The company announced on Monday the formation of a new division called Uber Money to house its efforts, which include a digital wallet and upgraded debit and credit cards. The emphasis, at first, will be expanding Uber’s efforts to give its 4 million-plus drivers and couriers around the world access to a mobile bank account so they can get paid after each ride, according to Peter Hazlehurst, who will head the new division.
“We wanted to help everybody understand that there’s a new part of Uber that’s focused on financial services and that has a mission of giving people access to the type of financial services they were excluded from,” Hazlehurst said in a phone interview.
Under pressure to turn a profit amid competition from new ride-sharing entrants around the world, Uber is betting that by building out its financial ecosystem, it can keep drivers and riders loyal to its platform.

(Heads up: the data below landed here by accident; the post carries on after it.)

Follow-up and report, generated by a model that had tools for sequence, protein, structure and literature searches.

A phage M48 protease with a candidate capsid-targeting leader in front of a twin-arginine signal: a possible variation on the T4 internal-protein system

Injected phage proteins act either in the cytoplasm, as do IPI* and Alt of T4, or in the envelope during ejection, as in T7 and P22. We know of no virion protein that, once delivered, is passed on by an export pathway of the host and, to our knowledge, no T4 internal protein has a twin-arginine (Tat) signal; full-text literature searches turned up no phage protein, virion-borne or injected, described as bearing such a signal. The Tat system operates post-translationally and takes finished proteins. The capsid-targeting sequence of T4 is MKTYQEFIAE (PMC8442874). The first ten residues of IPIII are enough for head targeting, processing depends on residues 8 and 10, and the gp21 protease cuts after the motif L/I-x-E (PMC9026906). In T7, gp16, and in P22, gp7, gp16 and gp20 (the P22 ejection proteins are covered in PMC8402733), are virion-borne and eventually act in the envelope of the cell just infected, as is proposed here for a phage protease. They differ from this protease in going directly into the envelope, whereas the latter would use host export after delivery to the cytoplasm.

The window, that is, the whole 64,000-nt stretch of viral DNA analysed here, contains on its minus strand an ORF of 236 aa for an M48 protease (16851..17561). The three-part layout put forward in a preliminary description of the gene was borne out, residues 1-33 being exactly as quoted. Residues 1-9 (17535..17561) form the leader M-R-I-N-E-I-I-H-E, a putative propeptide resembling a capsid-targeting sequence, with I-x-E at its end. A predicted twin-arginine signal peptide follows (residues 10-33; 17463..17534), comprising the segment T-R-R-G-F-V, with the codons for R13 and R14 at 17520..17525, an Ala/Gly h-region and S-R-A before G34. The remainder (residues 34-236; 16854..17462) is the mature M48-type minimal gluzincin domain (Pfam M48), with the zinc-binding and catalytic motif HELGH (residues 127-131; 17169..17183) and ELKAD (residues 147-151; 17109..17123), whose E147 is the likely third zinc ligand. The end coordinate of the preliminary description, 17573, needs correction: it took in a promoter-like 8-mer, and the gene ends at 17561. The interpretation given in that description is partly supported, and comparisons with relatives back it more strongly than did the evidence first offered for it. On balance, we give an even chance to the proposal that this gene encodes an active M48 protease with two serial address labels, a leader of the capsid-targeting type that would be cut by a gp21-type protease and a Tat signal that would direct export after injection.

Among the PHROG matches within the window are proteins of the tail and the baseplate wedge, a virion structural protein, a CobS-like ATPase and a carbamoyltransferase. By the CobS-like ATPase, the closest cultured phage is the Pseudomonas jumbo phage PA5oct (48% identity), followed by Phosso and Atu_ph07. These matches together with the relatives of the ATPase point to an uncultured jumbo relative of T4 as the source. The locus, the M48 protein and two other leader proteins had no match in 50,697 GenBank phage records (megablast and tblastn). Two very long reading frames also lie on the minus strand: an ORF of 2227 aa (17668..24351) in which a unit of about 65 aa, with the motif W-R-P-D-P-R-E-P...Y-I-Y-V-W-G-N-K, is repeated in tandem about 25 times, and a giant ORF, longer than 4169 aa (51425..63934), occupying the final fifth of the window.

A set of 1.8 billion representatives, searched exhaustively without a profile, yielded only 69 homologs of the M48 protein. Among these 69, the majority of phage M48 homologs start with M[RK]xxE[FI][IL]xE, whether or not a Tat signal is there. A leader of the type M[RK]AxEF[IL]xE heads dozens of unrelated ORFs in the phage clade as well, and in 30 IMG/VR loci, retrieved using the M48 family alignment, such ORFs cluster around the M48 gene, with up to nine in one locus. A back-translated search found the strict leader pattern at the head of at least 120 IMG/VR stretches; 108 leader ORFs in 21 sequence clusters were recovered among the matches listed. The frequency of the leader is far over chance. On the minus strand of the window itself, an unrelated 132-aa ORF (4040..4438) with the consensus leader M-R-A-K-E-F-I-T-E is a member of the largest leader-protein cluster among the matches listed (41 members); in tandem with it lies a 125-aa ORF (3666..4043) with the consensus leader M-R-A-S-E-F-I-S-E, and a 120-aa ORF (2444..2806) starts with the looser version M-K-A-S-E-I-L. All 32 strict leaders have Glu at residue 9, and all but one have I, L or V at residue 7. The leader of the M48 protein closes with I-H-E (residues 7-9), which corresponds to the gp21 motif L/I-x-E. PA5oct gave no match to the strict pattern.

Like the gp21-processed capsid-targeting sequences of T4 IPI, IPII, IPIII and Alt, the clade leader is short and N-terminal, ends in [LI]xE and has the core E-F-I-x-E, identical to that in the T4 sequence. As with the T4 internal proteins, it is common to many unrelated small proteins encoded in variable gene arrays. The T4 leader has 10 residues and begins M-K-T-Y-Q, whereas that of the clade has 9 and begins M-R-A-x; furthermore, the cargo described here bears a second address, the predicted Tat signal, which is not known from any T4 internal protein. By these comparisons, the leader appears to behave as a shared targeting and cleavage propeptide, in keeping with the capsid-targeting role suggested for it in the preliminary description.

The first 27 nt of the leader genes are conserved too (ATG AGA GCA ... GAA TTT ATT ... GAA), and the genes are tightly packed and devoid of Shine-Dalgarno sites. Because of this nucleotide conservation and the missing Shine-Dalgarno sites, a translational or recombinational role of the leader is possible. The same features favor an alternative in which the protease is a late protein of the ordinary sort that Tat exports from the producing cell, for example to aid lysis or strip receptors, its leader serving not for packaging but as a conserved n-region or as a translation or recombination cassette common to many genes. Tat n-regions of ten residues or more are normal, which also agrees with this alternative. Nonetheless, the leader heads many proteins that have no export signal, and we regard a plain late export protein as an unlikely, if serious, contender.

The company topped 100 million monthly active users this year. Many of them use credit cards to pay for rides and food orders. Future products could remove costs related to financial middlemen or generate new revenue streams.
Uber’s ambitions could bring drivers into the realm of digital finance in parts of the world where cash is still king, like Pakistan and Bangladesh. About 40% of all Uber trips globally are paid using paper currency, Hazlehurst said, and Uber is eager to bring that figure down.
After equipping drivers with electronic bank accounts — echoing the model of so-called challenger banks like Chime and Varo — would Uber one day look to provide its many millions of riders with an account, too?
“I think so,” Hazlehurst said. “The reality is that the needs of our partners in the U.S. and in Brazil and in Australia and in India mirror in many ways the needs of consumers as well, particularly in the cash-heavy economies. And the opportunity that we have is to expand to help all of those people have access to financial services.”
„Tendinţele pe care le-am remarcat înainte de începerea pandemiei s-au accelerat pe perioada stării de urgenţă. Am văzut acest lucru ca o oportunitate, un tipping point pentru bancă. Post-pandemie nu avem cum sa ne întoarcem la comportamentul financiar pe care îl aveam până în februarie a.c. Relaţia românilor cu online-ul s-a schimbat. In plus, cardul fizic se va dematerializa. Vom asista la o scădere a cererii pentru cardurile fizice, respectiv la o creştere a preferinţei pentru componenta digitală a acestora.”